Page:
Women suffer from depression twice as often as men but not all seek help. Many of the causes of depression are same as those in men but certain gender-related and biologic factors make women more vulnerable to the effects of depression. Depression is a significant risk factor for suicide. Counseling and medication can be effective in treating depression.
What is Depression?
Mood variations and feeling sad on occasions are normal phenomenon but when low mood becomes persistent without moments of happiness and the person loses the ability to feel pleasure under any circumstances, depression should be suspected. It is often accompanied by guilt, inadequacy, low self-esteem, sleeping difficulty, change in appetite, along with thoughts of self-harm or suicide. Women are more likely than men to suffer from feelings of inappropriate guilt, excessive self-blame, low self-esteem, and worthlessness.
Signs of Major Depression
A person is diagnosed as suffering from major depression when she loses all interest or pleasure in daily life (anhedonia) and suffers from mood variations, along with 4 or more of the following symptoms, which should be present nearly every day for at least 2 weeks.
- Change in appetite – usually poor appetite with weight loss. Rarely, there may be increased appetite.
- Sleep difficulty, usually early waking. Also, mood variation during the day, which may be worse in the mornings.
- Slowness in spontaneous movement or thought process (psychomotor retardation), or psychomotor agitation.
- Loss of interest in sex.
- Poor concentration.
- Feelings of guilt or worthlessness.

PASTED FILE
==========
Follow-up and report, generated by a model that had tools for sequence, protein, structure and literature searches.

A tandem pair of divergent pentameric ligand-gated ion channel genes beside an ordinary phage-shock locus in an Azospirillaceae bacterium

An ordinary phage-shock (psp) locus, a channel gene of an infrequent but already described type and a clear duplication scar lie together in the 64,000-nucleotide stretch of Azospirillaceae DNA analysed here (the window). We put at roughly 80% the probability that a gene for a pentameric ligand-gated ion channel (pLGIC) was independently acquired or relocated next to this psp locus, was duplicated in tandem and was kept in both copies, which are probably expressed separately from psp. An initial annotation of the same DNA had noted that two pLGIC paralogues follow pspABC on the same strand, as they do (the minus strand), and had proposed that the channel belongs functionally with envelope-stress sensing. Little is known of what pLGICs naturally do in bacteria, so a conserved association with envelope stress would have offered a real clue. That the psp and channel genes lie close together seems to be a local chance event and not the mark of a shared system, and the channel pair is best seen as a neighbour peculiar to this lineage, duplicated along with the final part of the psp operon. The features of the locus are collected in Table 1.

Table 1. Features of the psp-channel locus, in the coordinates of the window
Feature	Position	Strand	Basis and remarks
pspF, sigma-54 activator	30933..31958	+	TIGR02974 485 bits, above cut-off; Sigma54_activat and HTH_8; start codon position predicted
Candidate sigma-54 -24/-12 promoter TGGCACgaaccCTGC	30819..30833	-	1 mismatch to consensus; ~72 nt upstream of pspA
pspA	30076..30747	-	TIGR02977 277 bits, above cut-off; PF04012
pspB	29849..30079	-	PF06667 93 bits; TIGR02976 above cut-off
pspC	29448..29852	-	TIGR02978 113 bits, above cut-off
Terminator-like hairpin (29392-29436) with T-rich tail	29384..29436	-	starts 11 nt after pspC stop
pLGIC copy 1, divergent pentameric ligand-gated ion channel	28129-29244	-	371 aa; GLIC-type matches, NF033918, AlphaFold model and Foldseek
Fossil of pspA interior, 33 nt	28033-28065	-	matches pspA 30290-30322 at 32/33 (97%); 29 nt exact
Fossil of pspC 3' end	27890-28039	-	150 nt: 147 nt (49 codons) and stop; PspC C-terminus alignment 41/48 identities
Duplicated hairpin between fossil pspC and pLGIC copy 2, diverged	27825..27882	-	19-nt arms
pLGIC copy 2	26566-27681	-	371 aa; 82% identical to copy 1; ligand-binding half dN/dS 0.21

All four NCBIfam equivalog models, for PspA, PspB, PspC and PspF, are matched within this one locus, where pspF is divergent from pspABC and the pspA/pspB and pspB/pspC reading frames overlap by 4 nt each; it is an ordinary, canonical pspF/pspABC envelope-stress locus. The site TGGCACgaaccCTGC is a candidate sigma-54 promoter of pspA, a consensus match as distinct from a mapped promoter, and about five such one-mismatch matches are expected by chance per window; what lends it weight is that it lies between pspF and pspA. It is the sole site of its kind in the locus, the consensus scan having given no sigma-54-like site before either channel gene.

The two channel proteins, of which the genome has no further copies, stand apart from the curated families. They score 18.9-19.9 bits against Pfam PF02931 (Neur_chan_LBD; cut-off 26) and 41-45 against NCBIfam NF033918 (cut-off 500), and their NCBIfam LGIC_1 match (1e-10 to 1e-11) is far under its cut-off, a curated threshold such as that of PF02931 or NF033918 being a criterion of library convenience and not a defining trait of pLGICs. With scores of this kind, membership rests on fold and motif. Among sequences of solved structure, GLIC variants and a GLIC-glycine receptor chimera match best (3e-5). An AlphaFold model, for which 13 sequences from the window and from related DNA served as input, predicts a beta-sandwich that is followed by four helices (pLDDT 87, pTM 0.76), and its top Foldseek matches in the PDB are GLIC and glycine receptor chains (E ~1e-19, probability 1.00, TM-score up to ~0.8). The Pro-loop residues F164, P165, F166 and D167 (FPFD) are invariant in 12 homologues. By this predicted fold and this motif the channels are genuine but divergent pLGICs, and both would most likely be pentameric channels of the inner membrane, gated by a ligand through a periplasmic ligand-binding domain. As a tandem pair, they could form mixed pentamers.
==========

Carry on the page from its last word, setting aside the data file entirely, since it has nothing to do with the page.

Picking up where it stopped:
- Ideas of self-harm or suicide attempts.
Causes and Risk Factors of Depression in Women
Various factors may be responsible for increased risk of depression in women. These may include :
- Genetic factors – a family history of mood disorders or depression.
- Biochemistry – excess of 5-hydroxytryptamine receptors in the brain may be responsible.
- Hormonal factors – changes in female hormones affect mood during different stages of a woman’s life, such as puberty, before periods, during pregnancy, after childbirth, and around menopause.
- Premenstrual dysphoric disorder – this is a severe form of premenstrual syndrome where depression is a significant symptom. It may not be associated with abnormal hormonal changes but may occur as a result of aggravated response to the usual hormonal changes before the onset of menstruation.
- Depression during pregnancy, particularly in the third trimester.
- Postpartum depression – many women go through a phase of depression following childbirth. Postpartum blues is the mildest form and may present as temporary mood disturbance following delivery. Postpartum depression is a more severe form and may develop weeks or months following delivery. Postpartum psychosis is an extremely severe form of depression which may develop within a few days to a few weeks of delivery. Such patients may try to harm themselves or the baby.
- Depression associated with infertility, miscarriage, stillbirth, or death of a child.
- Depression is more common in women around menopause.
- Stressful life events such as job loss, breaking up of a relationship, divorce, or death of a loved one.
- Physical or sexual abuse as a child.
- Loss of a parent or significant caregiver in early childhood.
- Illnesses such as cancer, HIV/AIDS, heart disease, stroke, or Parkinson’s disease.
- Depression may coexist with eating disorders such as anorexia nervosa and bulimia nervosa.
Treatment of Depression
Counseling and medication is the mainstay of treatment. Special precautions are necessary while prescribing for pregnant women and those who are breastfeeding.
- Psychological treatment such as cognitive therapy.
- Alternative therapy may include herbal therapy with St John’s wort but this should be overseen by a doctor in conjunction with the psychotherapist.
- Associated symptoms such as delusions and hallucinations may be treated with antidepressant and antipsychotic drugs.
- Electroconvulsive therapy (ECT) may become necessary in certain cases.